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Troy mayor sets goals for 2010, including rural fire protection plan

Troy mayor sets goals for 2010, including rural fire protection plan

Posted: Wednesday, January 6, 2010 9:04 pm
By: Donna Ryder Messenger Associate Editor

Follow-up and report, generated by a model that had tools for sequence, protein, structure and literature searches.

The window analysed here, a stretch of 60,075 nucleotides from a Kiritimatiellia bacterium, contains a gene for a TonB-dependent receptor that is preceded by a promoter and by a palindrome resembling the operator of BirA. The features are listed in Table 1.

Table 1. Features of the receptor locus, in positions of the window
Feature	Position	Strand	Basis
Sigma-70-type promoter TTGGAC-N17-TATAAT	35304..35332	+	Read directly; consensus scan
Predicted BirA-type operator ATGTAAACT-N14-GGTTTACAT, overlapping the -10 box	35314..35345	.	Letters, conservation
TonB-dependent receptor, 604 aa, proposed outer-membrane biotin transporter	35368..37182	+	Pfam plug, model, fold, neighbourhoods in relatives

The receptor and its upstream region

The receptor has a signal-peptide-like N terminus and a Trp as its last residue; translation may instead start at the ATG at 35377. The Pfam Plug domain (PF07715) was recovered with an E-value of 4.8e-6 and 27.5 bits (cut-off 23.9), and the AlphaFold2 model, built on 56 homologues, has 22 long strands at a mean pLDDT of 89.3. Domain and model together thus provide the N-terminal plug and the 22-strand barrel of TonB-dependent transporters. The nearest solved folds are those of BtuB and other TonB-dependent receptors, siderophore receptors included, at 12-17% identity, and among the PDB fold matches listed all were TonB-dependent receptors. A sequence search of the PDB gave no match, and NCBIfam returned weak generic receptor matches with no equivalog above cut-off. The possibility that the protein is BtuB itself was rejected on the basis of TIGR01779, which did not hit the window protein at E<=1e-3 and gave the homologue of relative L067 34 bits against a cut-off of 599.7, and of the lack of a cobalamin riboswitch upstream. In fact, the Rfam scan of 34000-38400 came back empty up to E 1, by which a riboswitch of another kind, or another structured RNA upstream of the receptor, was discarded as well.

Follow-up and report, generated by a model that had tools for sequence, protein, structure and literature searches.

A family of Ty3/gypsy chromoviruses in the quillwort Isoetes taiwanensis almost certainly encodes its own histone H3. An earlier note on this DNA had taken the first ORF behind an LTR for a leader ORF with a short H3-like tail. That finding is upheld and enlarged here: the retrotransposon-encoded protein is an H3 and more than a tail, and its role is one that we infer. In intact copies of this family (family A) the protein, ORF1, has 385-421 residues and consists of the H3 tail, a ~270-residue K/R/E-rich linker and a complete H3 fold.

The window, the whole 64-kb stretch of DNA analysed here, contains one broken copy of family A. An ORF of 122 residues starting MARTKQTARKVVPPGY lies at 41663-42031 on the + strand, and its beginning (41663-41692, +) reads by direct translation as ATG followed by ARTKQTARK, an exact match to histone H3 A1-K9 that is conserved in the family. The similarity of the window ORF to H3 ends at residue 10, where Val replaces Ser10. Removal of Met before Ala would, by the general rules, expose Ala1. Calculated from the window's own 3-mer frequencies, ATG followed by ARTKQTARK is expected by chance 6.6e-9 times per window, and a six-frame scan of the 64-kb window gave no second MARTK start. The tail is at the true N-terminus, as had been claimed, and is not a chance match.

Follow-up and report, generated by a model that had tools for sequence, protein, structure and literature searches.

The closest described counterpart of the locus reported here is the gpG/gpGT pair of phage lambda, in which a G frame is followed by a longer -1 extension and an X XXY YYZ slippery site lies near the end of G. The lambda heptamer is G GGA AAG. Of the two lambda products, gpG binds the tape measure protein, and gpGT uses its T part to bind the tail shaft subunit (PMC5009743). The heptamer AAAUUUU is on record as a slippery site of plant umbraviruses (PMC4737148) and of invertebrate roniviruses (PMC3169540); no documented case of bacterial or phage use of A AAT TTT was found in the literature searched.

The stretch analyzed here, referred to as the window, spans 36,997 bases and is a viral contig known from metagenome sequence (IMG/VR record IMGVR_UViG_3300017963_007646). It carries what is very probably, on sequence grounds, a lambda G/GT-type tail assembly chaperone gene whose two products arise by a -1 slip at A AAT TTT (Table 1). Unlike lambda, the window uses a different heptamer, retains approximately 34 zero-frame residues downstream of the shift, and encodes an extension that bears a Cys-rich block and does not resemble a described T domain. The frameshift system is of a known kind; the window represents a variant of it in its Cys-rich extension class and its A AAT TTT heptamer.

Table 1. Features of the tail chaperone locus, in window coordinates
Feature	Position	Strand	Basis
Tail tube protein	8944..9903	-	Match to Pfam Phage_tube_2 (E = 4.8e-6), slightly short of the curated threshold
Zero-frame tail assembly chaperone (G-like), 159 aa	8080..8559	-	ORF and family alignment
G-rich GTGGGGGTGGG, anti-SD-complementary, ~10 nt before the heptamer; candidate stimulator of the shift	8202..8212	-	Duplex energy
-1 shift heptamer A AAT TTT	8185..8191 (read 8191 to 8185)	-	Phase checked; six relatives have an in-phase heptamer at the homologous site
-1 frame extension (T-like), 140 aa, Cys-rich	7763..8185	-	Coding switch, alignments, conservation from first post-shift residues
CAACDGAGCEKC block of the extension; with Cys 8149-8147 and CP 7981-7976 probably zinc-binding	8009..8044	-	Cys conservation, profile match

By DONNA RYDER Associate Editor Troy Mayor Jimmie Hart has three major things he wants to accomplish in 2010, and they are all things which linger from 2009. First, he would like to have a county-wide rural fire protection plan approved and implemented by July 1. In 2009, the Troy board of aldermen set a June 30 date for the Obion County Commission to respond with funding or at least a plan for funding. They said they would no longer allow the city taxpayer-funded fire department to respond outside the city limits unless monetary provisions were made. Municipal fire chiefs have said they want the county government to contribute to the financial responsibilities of each fire department so they can have better equipment to respond outside their city limits. Troy Fire Chief Mark Watson had said some residents asked about the fees owed to the fire departments by homeowners not covered under the current guidelines but who are victims of fires. As he explained it, this fee is rarely paid, doesn’t cover the actual cost of fighting the fire and in no way prepares the department to fight the fire in the first place. One thing the fire chiefs did not want was with a subscription fee, departments responding only to those homes for which a fee had been paid, unless there was a life at stake. However, that’s exactly the plan county commissioners offered. Currently, the plan calls for the county to collect a fee, which has yet to be determined, for each of the municipalities which approve the plan. The county would charge a collection fee and then distribute the remaining money in equal amounts to the rural departments. Officials from both Mu-nicipal Technical Advisory Service and County Tech-nical Assistance Service have been asked to look at the plan before municipal governments vote on it. An example of why the departments are seeking the county-provided funding happened in Troy in 2009. While firefighters were fighting a fire outside the city limits, a portable tank exploded and was propelled toward the department’s truck. It narrowly missed a firefighter and caused damage to the truck. Another thing Hart wants for 2010 is a tenant in the town’s spec building. The new building was completed in 2009 and there are people interested in it. The third major item on the agenda for 2010 is rebuilding the town’s only grocery store. E.W. James and Sons had recently purchased and renovated a grocery store in the town when a Halloween night fire destroyed the business. A new building was quickly located and a temporary store opened within two weeks. Now the task is to rebuild. Hart said there is work being done on the lot now and the town is doing its part to relocate a ditch and utility lines at the site. Among the things accomplished in 2009 were preparations for another natural disaster. When the ice storm hit early in the year, lights were out for a while in the town. Though Troy didn’t have a major problem with supplying water and sewer service to its customers, the plight of neighbors to the north in Kentucky made board members think about the future and the possibility of having a major electrical outage. “What we did was to improve our ability to keep our plants operational,” Hart said, adding water and sewer facilities, as well as other major government buildings in the town which did not already have generators, were made generator ready. “If the lights go out, we can still have sewer and water with no problems.” The town also installed surge protectors at City Hall and the fire department to protect from lightning strikes. The mayor said for some reason the two buildings were hit several times. Associate Editor Donna Ryder can be contacted by e-mail at Published in The Messenger 1.6.10


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